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Remarks on Anticrime Legislation

August 15, 1994

Thank you. Thank you very much, Marc, Janice, Steve, and Dewey, and to all the rest of you who are here. We have just heard from the real American interests in the crime bill.

Last week, the House of Representatives walked away from Polly Klaas and Jody Sposato and James Darby and all the law enforcement officials in this country who have worked so very hard for this crime bill. When you walk away from our police officers and from our kids, from our hard-working citizens with their futures before them or our senior citizens who have given their lives to make this a better country, and you do it on a procedural trick so you can still go back home and pretend that you didn't vote against the crime bill and you would even have voted for it had it only come to a vote, there's something wrong with the American system of Government. And it finds its way into the lives of people that are still around. Polly's sister, Annie, told me she's still afraid of being kidnapped, so she's built an elaborate alarm system in her room with ropes and bells. There's something wrong when James Darby and his classmates who are still living were so afraid of violence that they had to participate in a special program to help them cope with it. And the worst part of their fears is that there's truth behind them.

Yes, this is the greatest country in the world and the longest lasting democracy in the world. And none of us would live anywhere else for anything. But we have to face the fact that we have the highest murder rate in the world and that our children are more at risk here than they would be in most other countries and all other advanced countries because we have simply failed to act with the discipline and determination necessary to preserve democracy's most fundamental obligation, the maintenance of law and order, without which freedom and progress cannot proceed.

The crime bill makes "three strikes and you're out" the law of the land, puts 100,000 police on the street, builds more prisons to lock up serious offenders, takes handguns away from juveniles and bans assault weapons and provides investments and prevention to give our kids a better start in life, deals more sensibly with the terrible scourge of drugs that are responsible for so many of the crimes we have. These are things which ought to be done.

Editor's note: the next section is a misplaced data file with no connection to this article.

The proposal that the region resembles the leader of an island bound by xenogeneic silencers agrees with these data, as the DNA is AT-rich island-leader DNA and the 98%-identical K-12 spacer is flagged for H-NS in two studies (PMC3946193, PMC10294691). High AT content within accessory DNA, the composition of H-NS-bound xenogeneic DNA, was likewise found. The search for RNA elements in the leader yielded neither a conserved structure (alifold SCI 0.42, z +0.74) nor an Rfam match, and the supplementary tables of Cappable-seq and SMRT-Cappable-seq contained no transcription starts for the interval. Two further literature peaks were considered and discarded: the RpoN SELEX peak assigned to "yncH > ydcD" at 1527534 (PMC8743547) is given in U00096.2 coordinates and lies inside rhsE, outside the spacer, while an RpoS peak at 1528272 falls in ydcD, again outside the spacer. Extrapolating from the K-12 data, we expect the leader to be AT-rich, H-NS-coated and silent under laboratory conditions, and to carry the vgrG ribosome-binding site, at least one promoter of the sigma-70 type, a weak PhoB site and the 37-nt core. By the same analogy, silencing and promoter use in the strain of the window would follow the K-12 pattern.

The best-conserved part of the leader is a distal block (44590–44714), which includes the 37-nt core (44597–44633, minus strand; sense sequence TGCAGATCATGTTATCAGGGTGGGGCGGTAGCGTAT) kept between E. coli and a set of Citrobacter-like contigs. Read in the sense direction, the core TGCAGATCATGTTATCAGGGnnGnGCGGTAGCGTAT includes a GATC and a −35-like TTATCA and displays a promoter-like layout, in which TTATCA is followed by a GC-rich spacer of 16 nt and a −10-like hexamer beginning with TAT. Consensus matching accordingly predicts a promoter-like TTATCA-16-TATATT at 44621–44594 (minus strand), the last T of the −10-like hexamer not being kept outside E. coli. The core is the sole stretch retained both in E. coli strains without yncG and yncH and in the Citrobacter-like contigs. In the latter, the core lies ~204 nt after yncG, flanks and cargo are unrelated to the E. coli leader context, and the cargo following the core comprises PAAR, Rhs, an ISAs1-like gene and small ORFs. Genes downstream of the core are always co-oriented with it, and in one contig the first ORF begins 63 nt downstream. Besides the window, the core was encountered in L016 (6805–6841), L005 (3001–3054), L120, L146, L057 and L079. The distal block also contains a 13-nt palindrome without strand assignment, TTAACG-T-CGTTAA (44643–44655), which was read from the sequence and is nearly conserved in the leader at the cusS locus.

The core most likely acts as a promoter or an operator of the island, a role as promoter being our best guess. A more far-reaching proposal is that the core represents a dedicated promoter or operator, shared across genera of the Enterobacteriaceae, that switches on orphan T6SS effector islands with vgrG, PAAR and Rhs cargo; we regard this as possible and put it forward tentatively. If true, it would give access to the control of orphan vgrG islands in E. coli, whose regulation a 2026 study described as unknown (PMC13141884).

How can the House explain to Marc Klaas why the law that might have saved his daughter's life, had it been enacted years ago, couldn't come up for a vote? How could a politician go to a little child like Meghan Sposato and explain that, well, they just couldn't figure out a way to bring to a vote a law that would have taken the deadly weapon that killed her mother out of the hands of a deranged person? And how could a Member of Congress explain to James Darby's mother why they won't put police on the street who might have allowed little James to complete his last walk home?

If Washington had acted 6 years ago, some of these lives might have been saved. If Washington will act this week, a whole lot of lives can still be saved.

Last Friday I met with some police officers in Minnesota. I told them that they had never walked away from us and that Washington should not walk away from them. Well, the parents of this country should have the same pledge, and the children of this country should have the same pledge. You heard Janice say that in James Darby's wonderful letter to me, which I have read over and over and over again since last Mother's Day, he said, "I know you could do something about this, and I'm asking you nicely to do it."

Well, my fellow Americans, we have asked the Congress nicely long enough. There should be no more excuses, no more tricks, no more delays, and no more discussion about whether this bill is a Democratic bill or a Republican bill or a Clinton bill. I don't know when I will ever be able to get it across to people here that what we do here is not about us, it is about the rest of America. So let Congress hear this: Pass the Darby-Klaas-Sposato crime bill, and do it now.

Thank you.

NOTE: The President spoke at 1:55 p.m. in the Rose Garden at the White House. In his remarks, he referred to Marc Klaas, father of kidnap-murder victim Polly Klaas; Janice Payne, whose son, James Darby, was killed shortly after he wrote to the President about crime in his community; Steven Sposato, whose wife, Jody, was killed in a shooting; and Dewey R. Stokes, national president, Fraternal Order of Police.

William J. Clinton, Remarks on Anticrime Legislation Online by Gerhard Peters and John T. Woolley, The American Presidency Project

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